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the roots of rap: LYRICS AND HISTORY:

Roots of Rap:

Words as Events: Cretan Mantinádes in Performance and Composition.
On the Greek island of Crete, the spoken word and storytelling function as conveyors of collective memory, local history, and as an outlet for exercising creativity and imagination. An example of that is the mandinádes folk poetry genre, fifteen-syllable rhymed couplets in iambic meter, each divided into an eight- followed by a seven-syllable part, where the fourteenth syllable must be stressed and the fifteenth unstressed. In fact, to be considered a genuine Cretan, one must know how both to recite and to compose mandinádes; in addition to serving as entertainment, they are also a means of expression of identity and a forum for discussing local issues, providing an opportunity for Cretans to express and debate their respective philosophies of life. Their meaning is judged for its performance and social appropriateness in relation to the occasion but also to the larger social and historical context of the community, transforming music and dance experiences into living memories.[1]

Flyting - Definition: poetical invective and political satire Scottish tradition is a dialog or conversation between adversaries.

"Loki's Quarrel" from The Poetic Edda is sometimes translated as "Loki's Flyting" and is quite old.

Dunbar vs. Kennedie: The earliest known example of the Scottish lowland genre appears to be "The Flyting of Dunbar and Kennedie," by William Dunbar, from 1508 or slightly earlier.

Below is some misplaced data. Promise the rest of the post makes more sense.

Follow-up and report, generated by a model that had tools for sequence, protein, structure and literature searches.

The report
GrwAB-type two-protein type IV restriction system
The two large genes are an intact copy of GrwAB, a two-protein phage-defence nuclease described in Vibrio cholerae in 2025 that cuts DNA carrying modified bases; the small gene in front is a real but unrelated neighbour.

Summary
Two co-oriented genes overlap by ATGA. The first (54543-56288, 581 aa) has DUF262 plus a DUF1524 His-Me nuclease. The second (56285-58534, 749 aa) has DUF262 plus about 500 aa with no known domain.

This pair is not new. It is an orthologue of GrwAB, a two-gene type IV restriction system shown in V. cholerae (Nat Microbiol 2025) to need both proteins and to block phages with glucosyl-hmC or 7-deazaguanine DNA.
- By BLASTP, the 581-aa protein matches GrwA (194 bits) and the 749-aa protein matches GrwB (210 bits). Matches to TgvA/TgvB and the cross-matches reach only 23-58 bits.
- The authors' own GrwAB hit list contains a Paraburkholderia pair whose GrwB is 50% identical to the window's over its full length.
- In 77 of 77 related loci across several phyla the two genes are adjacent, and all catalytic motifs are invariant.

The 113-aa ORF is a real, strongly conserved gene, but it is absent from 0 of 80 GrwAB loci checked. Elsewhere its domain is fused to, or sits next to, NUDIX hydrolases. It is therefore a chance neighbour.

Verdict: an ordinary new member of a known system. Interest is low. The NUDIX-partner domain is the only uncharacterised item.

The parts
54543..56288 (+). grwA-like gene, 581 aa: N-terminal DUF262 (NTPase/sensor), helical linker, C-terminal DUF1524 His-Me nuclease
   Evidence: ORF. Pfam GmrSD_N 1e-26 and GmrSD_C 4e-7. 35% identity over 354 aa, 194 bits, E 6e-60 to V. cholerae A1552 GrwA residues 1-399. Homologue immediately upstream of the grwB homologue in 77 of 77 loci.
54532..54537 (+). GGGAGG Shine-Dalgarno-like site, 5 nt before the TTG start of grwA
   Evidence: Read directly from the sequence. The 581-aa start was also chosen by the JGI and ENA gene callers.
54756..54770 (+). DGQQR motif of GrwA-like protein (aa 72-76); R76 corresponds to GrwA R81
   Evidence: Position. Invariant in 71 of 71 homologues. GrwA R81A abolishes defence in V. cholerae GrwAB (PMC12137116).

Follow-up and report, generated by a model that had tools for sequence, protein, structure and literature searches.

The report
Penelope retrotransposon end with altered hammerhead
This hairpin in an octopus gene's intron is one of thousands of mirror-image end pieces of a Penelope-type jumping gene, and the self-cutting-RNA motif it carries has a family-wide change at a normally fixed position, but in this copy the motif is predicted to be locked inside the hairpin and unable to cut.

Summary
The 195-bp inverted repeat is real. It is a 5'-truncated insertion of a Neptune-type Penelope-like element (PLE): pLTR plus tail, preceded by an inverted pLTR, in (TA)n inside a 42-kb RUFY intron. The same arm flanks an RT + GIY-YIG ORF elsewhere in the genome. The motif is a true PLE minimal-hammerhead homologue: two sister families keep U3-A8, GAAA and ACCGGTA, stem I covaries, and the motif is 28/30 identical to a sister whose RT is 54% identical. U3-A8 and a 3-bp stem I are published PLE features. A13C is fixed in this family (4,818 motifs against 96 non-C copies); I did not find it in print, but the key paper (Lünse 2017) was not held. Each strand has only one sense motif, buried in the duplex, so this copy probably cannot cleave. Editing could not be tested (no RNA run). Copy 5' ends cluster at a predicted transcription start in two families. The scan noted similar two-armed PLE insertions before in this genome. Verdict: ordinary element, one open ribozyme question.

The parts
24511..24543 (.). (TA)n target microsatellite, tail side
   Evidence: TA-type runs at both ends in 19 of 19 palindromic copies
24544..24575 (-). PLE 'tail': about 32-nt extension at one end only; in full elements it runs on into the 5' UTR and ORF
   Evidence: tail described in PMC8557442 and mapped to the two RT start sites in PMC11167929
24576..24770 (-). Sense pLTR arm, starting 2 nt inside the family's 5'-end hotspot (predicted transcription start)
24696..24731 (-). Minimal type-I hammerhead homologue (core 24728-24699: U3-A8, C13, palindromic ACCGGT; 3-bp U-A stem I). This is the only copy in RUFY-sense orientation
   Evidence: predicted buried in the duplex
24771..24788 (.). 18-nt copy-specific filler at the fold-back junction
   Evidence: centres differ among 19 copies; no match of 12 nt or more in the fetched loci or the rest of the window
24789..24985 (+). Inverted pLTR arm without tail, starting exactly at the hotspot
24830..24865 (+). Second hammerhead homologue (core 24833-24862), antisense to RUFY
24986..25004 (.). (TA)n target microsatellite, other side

The earliest known flyting is something in Sumerian, maybe the Odyssey, where Odysseus defends against the insult in Alcinoos's palace. Then the Unferth episode in Beowulf (the poem probably = dates ca 600-800 in language), and then the Old Icelandic material (ca 1,000-1,200?).

Origins of
the Dozens


Roots of Rap

Educational CyberPlayGround Roots of Rap

The flyters were typically poets. Cf. with the old-time "cutting contests" of jazz musicians and the recent lyricized rap rivalries.

Flyting is formal verbal dueling, though the term does originate from the Norse context. For a more general discussion, see Parks, _Verbal Dueling in Heroic Narrative_ 1990.

Carole Clover summary:
Clover, Carol J. (1979). "The Germanic Context of the Unferth Episode." Speculum 55: 444-468. -- Clover seeks to understand verbal duelling in Germanic tradition by making analogies to the same behavior in other cultures and suggests the behavior had analogs as actual rituals. She discusses 'flyting', a literary theme in early medieval folk narratives; two people engage in ritual verbal dueling, and the winner has the last word in the argument, the loser falling conspicuously silent. Flyters depicted as having good verbal skill (451), and use applied eloquence (452). Exchanges are stylized, parallel, symmetric, stanzaic (4530. Many flytings do not end violently (459). And more besides; I cut out poor Unferth.

Some urban genres are comparable such as "playing the dozens" and more recent rap/hip-hop feuding genres.

Cf. too "The Dozens." Roger Abrahams Roots of Rap Signifying, Toasts, Griots, The Sporting Life, Oral Tradition, Hip Hop, The Dozens, Vaudevillian bawdy songs, dialect humour, minstrel patter.

America's First Rap Song 1861

An example of the "rapper's" art.

_Vanity Fair_ (N.Y.C.), Nov. 9, 1861, p. 216:

I see a crib that no one South can crack,
We lost our "JIMMY," would we had him back !--
Old ABE's a prig that all my coves do fear,
And with McCLELLAN, keeps me quiet here.
Else quick I'd cross and bienly dub the jigger,
Pinch all the swag and put the darbies on each nigger;